It grabbed him, held him and looked into his face.
A few minutes later, the supervisor found him lying in the snow, asleep. There was no one else about.
9 PM Eastern Standard Time
In Connecticut, at a house by the ocean, Burton rang the bell.
Christian answered the door. “Burton!” he shouted. “Come in; come in.”
As he had done for the last three years, Burton wore a tuxedo.
The shouting caused Carmela to come to the door. She smiled.
“You look lovely as ever,” said Burton.
“Thank you,” she said, giving him a kiss. “Come in and sit down. We’re just doing some baking.”
“I’m glad you found us since we moved out of New York.”
“It wasn’t difficult,” said Burton. “I have stored your brain patterns and can locate you anywhere on the planet.”
They all sat in the living room.
“Would you like something to drink?” asked Carmela.
“What was that festive beverage you gave me last year?”
“Yes! Do you have that?”
“Of course,” said Carmela, who then left for the kitchen.
“So,” said Christian, “how’s the police business going?”
“Busy lately. Had a dull time a while back, but now you never know when you are going to be surprised. I do like your house. What made you move out of New York?”
“Well, after that incident in ’87, we decided to get away from all the crazies, so we started saving like mad. And here we are.”
Carmela returned with the drink and Joshua. He was now three.
“Amazing,” said Burton, “you look so healthy, considering I delivered you in a tenement.”
“Say hello to Burton,” said Carmela.
“Hi,” said Josh, who was blushing.
Burton rose and picked the boy up. “He is so much bigger than last year.” Burton tickled the boy and produced giggles.
“I just get overwhelmed at the luck of you being on Earth when we were attacked.” Carmela felt some tears coming on and Christian gave her a hug.
“You know,” said Burton as he handed Josh over to his mother, “they never unravelled the teleporter accident that first brought me here. A complete mystery. It is those sorts of occurrences that make you wonder if whimsy is a component of the universe.”
They sat and talked more. Soon Joshua was put to bed. The baking was complete. Burton asked about changes in their jobs and lifestyles since moving to Connecticut. Then a strange expression came over his face.
“Excuse me,” he said, “I must alter the shape of my hand.” Abruptly his hand was a screen displaying myriad data. “That is amazing.”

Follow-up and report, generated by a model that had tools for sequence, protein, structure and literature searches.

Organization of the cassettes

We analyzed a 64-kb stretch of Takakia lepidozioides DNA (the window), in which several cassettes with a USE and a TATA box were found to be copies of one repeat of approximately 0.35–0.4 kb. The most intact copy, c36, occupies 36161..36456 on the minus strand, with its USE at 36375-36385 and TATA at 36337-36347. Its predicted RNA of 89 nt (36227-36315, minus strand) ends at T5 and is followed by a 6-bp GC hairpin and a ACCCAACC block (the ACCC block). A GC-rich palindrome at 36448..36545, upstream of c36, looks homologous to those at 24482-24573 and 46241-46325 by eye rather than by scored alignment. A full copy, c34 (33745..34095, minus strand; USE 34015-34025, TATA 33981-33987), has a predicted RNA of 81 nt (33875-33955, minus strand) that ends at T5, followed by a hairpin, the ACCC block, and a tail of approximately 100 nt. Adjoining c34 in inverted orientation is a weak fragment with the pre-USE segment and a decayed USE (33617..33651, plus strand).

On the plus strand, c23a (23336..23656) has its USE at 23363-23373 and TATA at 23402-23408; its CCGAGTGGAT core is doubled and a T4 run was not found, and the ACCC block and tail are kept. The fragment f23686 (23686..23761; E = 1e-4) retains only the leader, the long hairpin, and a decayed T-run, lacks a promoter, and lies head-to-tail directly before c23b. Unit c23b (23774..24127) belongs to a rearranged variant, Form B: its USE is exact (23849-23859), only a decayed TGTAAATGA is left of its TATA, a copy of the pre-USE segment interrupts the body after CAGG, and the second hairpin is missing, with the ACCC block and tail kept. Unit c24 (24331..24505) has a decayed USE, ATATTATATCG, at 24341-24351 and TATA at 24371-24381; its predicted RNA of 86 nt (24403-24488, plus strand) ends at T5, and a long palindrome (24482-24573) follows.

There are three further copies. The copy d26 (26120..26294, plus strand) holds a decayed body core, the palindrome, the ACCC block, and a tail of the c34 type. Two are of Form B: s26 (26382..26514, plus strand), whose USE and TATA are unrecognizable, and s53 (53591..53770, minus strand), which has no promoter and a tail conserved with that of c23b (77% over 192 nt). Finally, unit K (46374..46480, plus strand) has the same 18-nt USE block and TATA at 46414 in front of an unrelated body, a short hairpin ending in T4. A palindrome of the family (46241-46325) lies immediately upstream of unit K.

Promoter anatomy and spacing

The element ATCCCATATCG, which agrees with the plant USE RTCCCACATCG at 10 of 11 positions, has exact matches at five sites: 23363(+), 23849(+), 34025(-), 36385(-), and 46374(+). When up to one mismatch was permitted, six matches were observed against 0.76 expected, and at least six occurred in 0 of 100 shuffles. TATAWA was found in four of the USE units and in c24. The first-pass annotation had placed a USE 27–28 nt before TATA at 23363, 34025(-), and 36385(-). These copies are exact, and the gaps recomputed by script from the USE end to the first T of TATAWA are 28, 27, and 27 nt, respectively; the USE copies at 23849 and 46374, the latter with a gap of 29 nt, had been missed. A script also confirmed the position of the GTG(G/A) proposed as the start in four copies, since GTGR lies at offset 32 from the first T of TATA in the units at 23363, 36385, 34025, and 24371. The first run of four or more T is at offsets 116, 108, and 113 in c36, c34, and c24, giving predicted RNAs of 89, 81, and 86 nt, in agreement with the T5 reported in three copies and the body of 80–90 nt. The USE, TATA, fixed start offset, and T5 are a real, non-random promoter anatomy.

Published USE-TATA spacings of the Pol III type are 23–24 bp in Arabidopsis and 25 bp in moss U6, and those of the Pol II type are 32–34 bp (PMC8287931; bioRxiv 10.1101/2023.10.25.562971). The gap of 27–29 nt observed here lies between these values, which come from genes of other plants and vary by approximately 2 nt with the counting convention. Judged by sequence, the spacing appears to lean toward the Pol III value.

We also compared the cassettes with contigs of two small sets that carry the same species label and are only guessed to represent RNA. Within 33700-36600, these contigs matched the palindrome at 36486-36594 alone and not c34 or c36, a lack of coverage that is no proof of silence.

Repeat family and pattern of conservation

“What?” asked Christian.
“It seems I have a job to do.”
“Here?” asked Carmela.
“On Earth. If my internal atlas of your planet is up-to-date, the problem exists in Revelstoke.”
“Where’s that?” asked Christian.
“British Columbia, Canada,” replied Burton.
9:30 PM Pacific Standard Time
Dennis had finished dinner and moved into the bar.
There were two other people in the bar: The bartender and the waitress.
“Busy night,” said Brian.
The hotel employees snickered.
“What’ll it be?” said the waitress. “And hurry up. I got customers waiting.”
“Well … I don’t know. I suppose you’ve got Kokanee, Kokanee and Kokanee.”
“And don’t forget Granville Island Lager and Labatt’s.”
“How could I?”
“I just don’t know,” she replied.
“Well, I guess I’d better have a Kokanee.”
“An excellent choice. I should be able to get it to you in fifteen minutes or so.” She turned and headed back to the bar. “Hey, Ron, a Kokanee!”
From behind the bar, Dennis could hear: “My bartending skills have been taxed to the limit. I may even put myself at risk by twisting the cap off.”
Two beers later, Dennis had coaxed them into having a drink with him. They talked about Christmas plans, the cost of gasoline and ways to avoid bothersome relatives during the festive season.
Surprisingly, a man entered the bar from the outside. He wore work boots and a grimy sweater pulled over a thick wool shirt.
“Is that Ken?” asked the bartender.
“It sure looks like him,” said the waitress, “but he’s walkin’ funny.”
Dennis just looked at the man and had the sensation that his clothes had been painted on.
The man who was not Ken walked straight up to them: “Where is the nearest spaceport?”
“You don’t sound so good, Ken,” said the bartender.
“Where is your spaceport?”
Dennis decided this was either a prank or the guy was deranged. The best approach seemed to humour him.
“Define spaceport, please.”
The alien looked straight at Dennis with a sharp fixed gaze. “Designated area for launching and landing interplanetary craft.”
The waitress giggled and the alien ignored her.
Dennis was stumped for a response. His straight line had been returned with another straight line. “Were you expecting to find a spaceport near here?”
“At least on this planet,” it replied.
“Well, I’m sorry, but the best I can do is suggest Cape Kennedy in Florida, but they only launch orbital manned craft.”
Both hotel employees were stifling deep laughs.
“This will suffice. The technology can be upgraded. You will take me.”
“I am short of energy. You will take me. Your vehicle waits outside, correct?”